Not content with that, my subconscious (which clearly still had some copy to fill) added that by bizarre coincidence it was forty years to the day since rock drummer Ginger Baker was strangled in bed by an octopus that had escaped from a nearby aquarium. There was even a helpful inset picture of an octopus, so that I'd know what one looked like. Cheers for that - and for the five minutes of anxious Googling I spent on waking, checking up on the health of Mr Murs.


Jan. 3rd, 2017 08:26 pm
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I went to the bank to sort out some business for my mother today, and the man there needed to ring her to check some information. "It takes her a while to get to the phone these days," I said, "so it'll probably go to voicemail while she's mid-dodder. If it does, ring her again in a minute."

It happened just as I'd said. Later, my mother asked: "Did you really say 'mid-dodder'?" She pretended to be offended, but was actually laughing. She added that the secret to staying safe in the house at an advanced age was: "Do everything at a pace that makes snails sneer."

I hope I'm a phrase-maker when I'm 92.
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Does anyone today use Barthes' five 'codes' (hermeneutic, proairetic, semantic, symbolic and cultural) except in the context of teaching Barthes' ideas?

I mean, I see (for example) Bakhtin's concepts and terminology being used all the time, but I can't remember the last time I saw an essay that drew on those codes because the writer thought they were the most helpful way of understanding a text. But perhaps I'm just living in a non-Barthesian bubble?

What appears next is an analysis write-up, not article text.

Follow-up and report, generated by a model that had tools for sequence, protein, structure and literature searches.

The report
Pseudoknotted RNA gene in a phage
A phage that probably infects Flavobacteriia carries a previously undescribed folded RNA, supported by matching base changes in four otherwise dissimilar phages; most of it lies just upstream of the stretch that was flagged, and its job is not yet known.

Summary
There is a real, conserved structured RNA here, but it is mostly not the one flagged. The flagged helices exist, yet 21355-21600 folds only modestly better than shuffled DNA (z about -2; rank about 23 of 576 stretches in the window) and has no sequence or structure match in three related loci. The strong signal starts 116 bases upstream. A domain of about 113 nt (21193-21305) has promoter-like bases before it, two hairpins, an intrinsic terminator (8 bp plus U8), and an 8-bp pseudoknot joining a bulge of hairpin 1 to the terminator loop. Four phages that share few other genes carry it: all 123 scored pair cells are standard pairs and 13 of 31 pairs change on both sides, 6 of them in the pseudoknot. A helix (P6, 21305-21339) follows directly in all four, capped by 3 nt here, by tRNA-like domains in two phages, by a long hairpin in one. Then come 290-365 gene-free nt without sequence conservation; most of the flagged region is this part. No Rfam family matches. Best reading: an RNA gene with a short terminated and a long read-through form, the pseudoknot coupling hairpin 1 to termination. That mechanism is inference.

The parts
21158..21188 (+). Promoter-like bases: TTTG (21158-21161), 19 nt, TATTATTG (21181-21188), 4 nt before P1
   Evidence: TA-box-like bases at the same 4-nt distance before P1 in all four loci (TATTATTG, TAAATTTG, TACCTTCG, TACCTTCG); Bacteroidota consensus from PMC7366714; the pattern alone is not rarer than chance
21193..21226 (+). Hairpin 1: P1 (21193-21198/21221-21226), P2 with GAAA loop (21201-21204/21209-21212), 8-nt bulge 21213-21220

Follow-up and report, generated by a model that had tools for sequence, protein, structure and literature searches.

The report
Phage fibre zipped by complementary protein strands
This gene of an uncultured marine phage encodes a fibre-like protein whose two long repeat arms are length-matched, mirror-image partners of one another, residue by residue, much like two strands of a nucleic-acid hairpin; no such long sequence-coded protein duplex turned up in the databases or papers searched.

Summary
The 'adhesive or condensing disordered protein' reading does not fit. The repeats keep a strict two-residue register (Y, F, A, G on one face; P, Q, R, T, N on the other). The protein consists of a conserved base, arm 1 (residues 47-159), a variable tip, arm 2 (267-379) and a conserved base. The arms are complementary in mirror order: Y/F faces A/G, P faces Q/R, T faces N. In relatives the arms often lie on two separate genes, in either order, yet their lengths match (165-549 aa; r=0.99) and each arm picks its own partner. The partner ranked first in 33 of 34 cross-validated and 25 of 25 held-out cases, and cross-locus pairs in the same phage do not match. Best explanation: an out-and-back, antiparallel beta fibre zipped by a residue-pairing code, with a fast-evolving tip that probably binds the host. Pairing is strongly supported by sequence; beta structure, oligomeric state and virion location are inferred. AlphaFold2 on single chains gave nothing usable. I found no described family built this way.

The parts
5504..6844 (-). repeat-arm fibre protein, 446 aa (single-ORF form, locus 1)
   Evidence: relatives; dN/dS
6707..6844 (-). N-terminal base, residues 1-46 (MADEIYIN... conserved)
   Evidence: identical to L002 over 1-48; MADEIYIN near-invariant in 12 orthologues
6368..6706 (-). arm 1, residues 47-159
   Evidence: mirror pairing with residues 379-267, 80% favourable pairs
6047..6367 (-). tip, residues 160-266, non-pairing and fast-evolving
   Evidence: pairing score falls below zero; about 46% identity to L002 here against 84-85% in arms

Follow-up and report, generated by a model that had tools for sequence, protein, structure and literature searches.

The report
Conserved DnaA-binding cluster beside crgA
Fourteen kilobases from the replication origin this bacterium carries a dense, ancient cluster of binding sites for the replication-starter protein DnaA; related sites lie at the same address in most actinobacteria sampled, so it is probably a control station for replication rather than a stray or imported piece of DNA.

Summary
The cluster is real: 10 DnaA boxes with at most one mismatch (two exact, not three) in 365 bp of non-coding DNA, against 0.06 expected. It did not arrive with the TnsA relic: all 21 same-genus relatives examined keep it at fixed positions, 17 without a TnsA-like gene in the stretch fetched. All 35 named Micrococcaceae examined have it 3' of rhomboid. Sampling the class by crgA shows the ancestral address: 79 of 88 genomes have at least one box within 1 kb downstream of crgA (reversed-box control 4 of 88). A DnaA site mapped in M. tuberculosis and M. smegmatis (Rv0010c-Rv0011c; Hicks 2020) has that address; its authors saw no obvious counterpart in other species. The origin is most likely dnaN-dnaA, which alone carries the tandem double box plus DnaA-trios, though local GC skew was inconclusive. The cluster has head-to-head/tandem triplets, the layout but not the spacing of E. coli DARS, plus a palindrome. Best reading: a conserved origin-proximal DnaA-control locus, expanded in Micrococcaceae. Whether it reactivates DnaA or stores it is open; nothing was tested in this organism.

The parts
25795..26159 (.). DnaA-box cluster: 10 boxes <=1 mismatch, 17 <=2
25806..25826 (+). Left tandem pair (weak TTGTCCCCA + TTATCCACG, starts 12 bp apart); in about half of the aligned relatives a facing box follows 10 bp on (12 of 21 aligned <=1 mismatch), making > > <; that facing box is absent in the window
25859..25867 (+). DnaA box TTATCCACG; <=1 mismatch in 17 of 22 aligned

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Remember Facebook? I don’t suppose anyone else gives it a thought, now everyone’s gone over to Livejournal, but for me and my generation it was a godsend. Knowing that all my embarrassing rants would disappear into grateful oblivion with a matter of days, that I would never be able to link to any of my posts, that there was virtually no nesting structure for comment threads and that the site was constantly reformatting in attempts to hoover up personal data and maximise advertising revenue... That lack of functionality was just what I needed to get me out of the house.

We shall not see its like again!

(Oh, and Happy New Year, everyone!)
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That was a bit strange. I just watched the 8 Out of 10 Cats Christmas special, which I'd recorded on the 21st. To my surprise, one of the panellists was Carrie Fisher - talking about her plans for Christmas, among other things...

The most unfortunate line was from Aisling Bea: in answer to the question, "Which is more exciting, waking up on Christmas morning or going to the new Star Wars film?", she remarked, "What's the alternative to waking up on Christmas morning?"

I don't see this episode getting a repeat any time soon.
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British Winter Solstice tradition: pop over to Stonehenge (round about now) to watch the sun rise over the heel stone. Except that it's drizzling there at the moment...

Japanese Winter Solstice tradition: take a hot bath with a few dozen aromatic yuzu and some friends.

Which to do, which to do?

Stonehenge is only an hour away by car, but I feel strangely drawn to the yuzu option. Except that I can't buy yuzu in this country! Would satsumas do at a pinch?

(In Satsuma, by the way, they don't call satsumas satsumas, they call them mikan. My friend Chiho was surprised to hear that the region had somehow become the name of a fruit in English. I, conversely, had to stop myself from laughing every time she mentioned "the Satsuma wars" or "the lords of Satsuma".)